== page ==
Rob Lowe had several revelations over the course of his life. One is that there’s more fun in sobriety than in being under the influence. Another is that he should have had a sex tape scandal later in life when it actually would have helped his career instead of nearly killing it. And the latest is that he needs to keep doing different things to keep from getting bored, including hosting a game show alongside a giant robotic arm. Rob talks with Marc about these discoveries and the moments that led to them, including his early Brat Pack movies, his turn to comedic roles, and his three recurring nightmares, one of which came true. This episode is sponsored by .
Episode 1003 - Tal Wilkenfeld
The word prodigy gets thrown around a lot, but if Tal Wilkenfeld isn’t one then the word has no meaning. Tal tells Marc how she never even saw a person play guitar until she was 14 years old. Thanks to encouragement from her grandfather, she started playing as a teenager and immediately stunned professional musicians with her natural talents. Tal explains how her career took off in part because of a viral video of her bass solo in a Jeff Beck concert, how she wound up playing with artists like Herbie Hancock, Prince, and Mick Jagger, and why she often didn’t know who these famous people were as they introduced themselves to her. This episode is sponsored by .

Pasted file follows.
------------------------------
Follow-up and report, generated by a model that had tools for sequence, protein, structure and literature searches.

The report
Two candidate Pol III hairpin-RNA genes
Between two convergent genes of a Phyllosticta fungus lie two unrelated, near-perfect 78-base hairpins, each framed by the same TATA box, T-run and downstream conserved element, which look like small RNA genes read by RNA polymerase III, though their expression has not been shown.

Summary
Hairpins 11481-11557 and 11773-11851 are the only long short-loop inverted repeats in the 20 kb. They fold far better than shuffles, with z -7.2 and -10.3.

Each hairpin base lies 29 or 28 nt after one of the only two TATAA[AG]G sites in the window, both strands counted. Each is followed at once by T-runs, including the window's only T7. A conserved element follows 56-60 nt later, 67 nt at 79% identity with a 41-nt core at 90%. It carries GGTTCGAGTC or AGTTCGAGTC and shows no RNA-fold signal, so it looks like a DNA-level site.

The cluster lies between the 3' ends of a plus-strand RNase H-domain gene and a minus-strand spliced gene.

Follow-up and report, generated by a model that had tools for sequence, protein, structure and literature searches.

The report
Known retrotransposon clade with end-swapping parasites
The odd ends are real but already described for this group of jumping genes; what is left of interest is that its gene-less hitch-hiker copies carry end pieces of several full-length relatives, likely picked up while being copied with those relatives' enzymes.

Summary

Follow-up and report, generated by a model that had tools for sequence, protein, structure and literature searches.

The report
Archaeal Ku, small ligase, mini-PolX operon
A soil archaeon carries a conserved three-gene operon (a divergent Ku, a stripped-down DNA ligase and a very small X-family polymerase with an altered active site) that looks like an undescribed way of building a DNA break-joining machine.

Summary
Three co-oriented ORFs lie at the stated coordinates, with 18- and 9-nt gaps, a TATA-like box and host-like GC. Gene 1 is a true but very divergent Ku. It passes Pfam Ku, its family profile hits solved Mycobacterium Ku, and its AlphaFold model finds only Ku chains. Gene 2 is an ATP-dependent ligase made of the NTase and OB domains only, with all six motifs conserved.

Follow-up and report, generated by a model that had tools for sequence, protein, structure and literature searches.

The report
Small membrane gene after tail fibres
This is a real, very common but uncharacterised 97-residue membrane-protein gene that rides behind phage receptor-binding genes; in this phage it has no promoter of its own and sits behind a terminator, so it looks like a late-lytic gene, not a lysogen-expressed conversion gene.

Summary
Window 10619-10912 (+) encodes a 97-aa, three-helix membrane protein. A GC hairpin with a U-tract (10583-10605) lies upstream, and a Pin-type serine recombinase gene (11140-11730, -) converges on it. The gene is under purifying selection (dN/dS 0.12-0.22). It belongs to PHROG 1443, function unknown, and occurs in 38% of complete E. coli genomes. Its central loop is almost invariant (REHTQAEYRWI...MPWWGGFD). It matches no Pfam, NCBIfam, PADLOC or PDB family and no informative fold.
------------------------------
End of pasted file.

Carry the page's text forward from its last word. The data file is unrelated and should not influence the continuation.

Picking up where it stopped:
Episode 1002 - Amy Sedaris
Amy Sedaris had no plan of action for her career other than going to Chicago to do sketch comedy and going to New York to do plays with her brother David. And as she tells Marc, she still has no plan except for doing things that she finds fun. Amy and Marc talk about how that lack of planning led to her early Comedy Central sketch show Exit 57, a collaborative partnership with Paul Dinello and Stephen Colbert that birthed Strangers with Candy, and a public persona that made her an ideal Letterman guest and the perfect driver for a faux-homemaking show like At Home with Amy Sedaris. This episode is sponsored by .
Episode 1001 - Aidy Bryant
Aidy Bryant only recently felt like she could tap into her inner rage. She remains a wonderfully nice person and hilarious performer, but with things like her new show Shrill and other mental adjustments, Aidy feels like she’s taking ownership of some righteous anger. She has that in common with Marc, as well as the fact that they both cry while watching TV all the time. They talk about those shared traits as well as Aidy’s early love of improv, her path to Saturday Night Live, and breaking away from letting things like weight and body image dominate her life. This episode is sponsored by .
To celebrate the milestone of 1000 episodes, Marc and WTF producer Brendan McDonald reflect on how they got here, why they created the show in the first place, and what the future holds for them and WTF. They answer listener questions and divulge some never-before-heard revelations, such as the time the show almost ended and how the White House reacted to President Obama's interview in the garage. Most importantly, Marc and Brendan talk about how their working relationship evolved into a deep friendship with a profound understanding of each other. This episode is sponsored by .